There was an interesting convergence of events that led to the extreme popularity of home electronic projects. First, there was the invention of the transistor in 1947 at Bell Laboratories. Second, Heathkit began selling kits to the general public so that they could build everything from oscilloscopes to robots! Heath actually began in 1912 selling aircraft parts but recognized the post-war economic growth and came to the table with a very successful business model. But it was apparent that there was a market for wide scale dissemination of electronic projects and technology was moving quickly. And, Popular Electronics began to fill that need.
Of course there were magazines that covered electricity and particularly, radio. After the widespread introduction of radio broadcasting, the field of radio transmission expanded to include amateur radio and related interests. The early 20th century was a great time for beginning experimentation. But, it was a time that had somewhat of a limited focus, and in time, that would change.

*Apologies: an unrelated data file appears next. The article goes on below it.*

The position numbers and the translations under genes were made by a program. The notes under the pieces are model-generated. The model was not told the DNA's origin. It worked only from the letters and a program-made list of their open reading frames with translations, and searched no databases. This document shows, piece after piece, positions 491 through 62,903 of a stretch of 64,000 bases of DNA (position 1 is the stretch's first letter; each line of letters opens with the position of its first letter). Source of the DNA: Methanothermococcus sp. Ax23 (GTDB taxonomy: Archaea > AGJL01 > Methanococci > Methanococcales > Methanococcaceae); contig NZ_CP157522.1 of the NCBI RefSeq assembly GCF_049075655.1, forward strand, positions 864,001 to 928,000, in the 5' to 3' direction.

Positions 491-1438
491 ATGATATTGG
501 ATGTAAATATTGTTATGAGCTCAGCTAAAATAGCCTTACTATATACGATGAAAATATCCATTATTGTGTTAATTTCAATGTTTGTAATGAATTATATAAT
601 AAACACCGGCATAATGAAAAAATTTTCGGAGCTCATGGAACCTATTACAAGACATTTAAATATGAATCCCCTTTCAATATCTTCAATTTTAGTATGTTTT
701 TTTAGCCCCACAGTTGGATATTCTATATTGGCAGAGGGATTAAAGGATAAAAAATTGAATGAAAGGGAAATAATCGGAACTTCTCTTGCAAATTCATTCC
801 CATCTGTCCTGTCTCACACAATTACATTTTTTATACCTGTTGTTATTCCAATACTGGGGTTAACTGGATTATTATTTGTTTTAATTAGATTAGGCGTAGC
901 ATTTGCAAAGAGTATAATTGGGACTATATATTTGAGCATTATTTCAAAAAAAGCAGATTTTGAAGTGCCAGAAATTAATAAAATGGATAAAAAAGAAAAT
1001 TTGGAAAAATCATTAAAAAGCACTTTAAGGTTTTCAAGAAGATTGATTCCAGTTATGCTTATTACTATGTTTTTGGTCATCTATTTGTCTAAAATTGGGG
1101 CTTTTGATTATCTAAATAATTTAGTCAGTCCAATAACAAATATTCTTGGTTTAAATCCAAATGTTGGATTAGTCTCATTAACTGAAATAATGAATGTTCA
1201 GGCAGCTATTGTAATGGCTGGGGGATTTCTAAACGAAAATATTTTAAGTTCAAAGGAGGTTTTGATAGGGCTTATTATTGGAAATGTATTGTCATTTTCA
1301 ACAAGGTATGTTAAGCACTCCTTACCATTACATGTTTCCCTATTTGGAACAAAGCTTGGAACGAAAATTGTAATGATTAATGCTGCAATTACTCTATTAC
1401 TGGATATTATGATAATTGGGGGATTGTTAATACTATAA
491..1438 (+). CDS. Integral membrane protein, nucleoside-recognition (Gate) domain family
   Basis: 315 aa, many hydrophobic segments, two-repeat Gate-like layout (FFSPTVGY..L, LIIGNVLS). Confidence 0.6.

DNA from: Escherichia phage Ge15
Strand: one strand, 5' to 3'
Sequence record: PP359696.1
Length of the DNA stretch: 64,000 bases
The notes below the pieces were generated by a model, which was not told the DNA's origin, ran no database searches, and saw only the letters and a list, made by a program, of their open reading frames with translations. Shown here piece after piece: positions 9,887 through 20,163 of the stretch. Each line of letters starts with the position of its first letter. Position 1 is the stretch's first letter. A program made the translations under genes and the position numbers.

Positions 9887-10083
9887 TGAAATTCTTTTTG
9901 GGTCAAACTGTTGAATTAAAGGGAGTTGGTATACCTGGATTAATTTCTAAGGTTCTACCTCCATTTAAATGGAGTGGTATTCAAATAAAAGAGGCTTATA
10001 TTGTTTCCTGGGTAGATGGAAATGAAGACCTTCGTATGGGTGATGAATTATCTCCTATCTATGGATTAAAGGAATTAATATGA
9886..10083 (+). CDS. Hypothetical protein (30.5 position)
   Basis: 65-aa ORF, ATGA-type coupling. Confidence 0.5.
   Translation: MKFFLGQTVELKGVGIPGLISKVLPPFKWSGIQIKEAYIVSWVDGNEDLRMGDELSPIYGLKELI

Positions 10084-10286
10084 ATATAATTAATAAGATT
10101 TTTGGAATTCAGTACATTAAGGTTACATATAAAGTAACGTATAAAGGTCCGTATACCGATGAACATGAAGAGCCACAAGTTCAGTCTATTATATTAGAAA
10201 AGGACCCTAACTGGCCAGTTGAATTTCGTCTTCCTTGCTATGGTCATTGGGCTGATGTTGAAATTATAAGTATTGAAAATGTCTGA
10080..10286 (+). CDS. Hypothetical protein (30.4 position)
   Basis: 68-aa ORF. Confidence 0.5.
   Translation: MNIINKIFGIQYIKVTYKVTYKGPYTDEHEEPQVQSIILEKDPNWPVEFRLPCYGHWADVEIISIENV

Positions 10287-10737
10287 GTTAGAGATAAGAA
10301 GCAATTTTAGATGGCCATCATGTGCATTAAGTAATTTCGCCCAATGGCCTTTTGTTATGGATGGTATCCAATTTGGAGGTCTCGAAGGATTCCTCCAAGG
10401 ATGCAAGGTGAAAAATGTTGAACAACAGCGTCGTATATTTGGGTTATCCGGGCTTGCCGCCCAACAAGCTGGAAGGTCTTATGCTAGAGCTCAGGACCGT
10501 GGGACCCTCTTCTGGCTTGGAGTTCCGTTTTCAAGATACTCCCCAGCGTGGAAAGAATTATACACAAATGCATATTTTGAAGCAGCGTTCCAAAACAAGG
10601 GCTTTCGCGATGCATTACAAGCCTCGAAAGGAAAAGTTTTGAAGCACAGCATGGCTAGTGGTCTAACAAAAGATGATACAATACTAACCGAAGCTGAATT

In 1954, Ziff-Davis Publishing introduced the world to Popular Electronics, a monthly magazine with electronic projects, access to parts, (by mail of course), and ideas to stimulate the budding hacker. It was the “World’s Largest Selling Electronics Magazine” with a circulation in 400,000 by 1963. A competitor, Rival Electronics World, merged with Popular Electronics in 1972. The magazine underwent some changes in name and then ceased publication in 1985. But, it was bought by Gernsback Publications and came back in 1989. But, once again the magazine stopped publication in 1999. And like the Phoenix Rising, it ended with the name Electronics Now, and its final issue was in 2003.
But, the story actually has a good ending as there is now a complete archive of all of the issues over the entire time span of the publication’s life. All issues are available in PDF's complete with advertisements. But, be careful when ordering as many of the companies are out of business! The link is here. Time to warm up the soldering iron!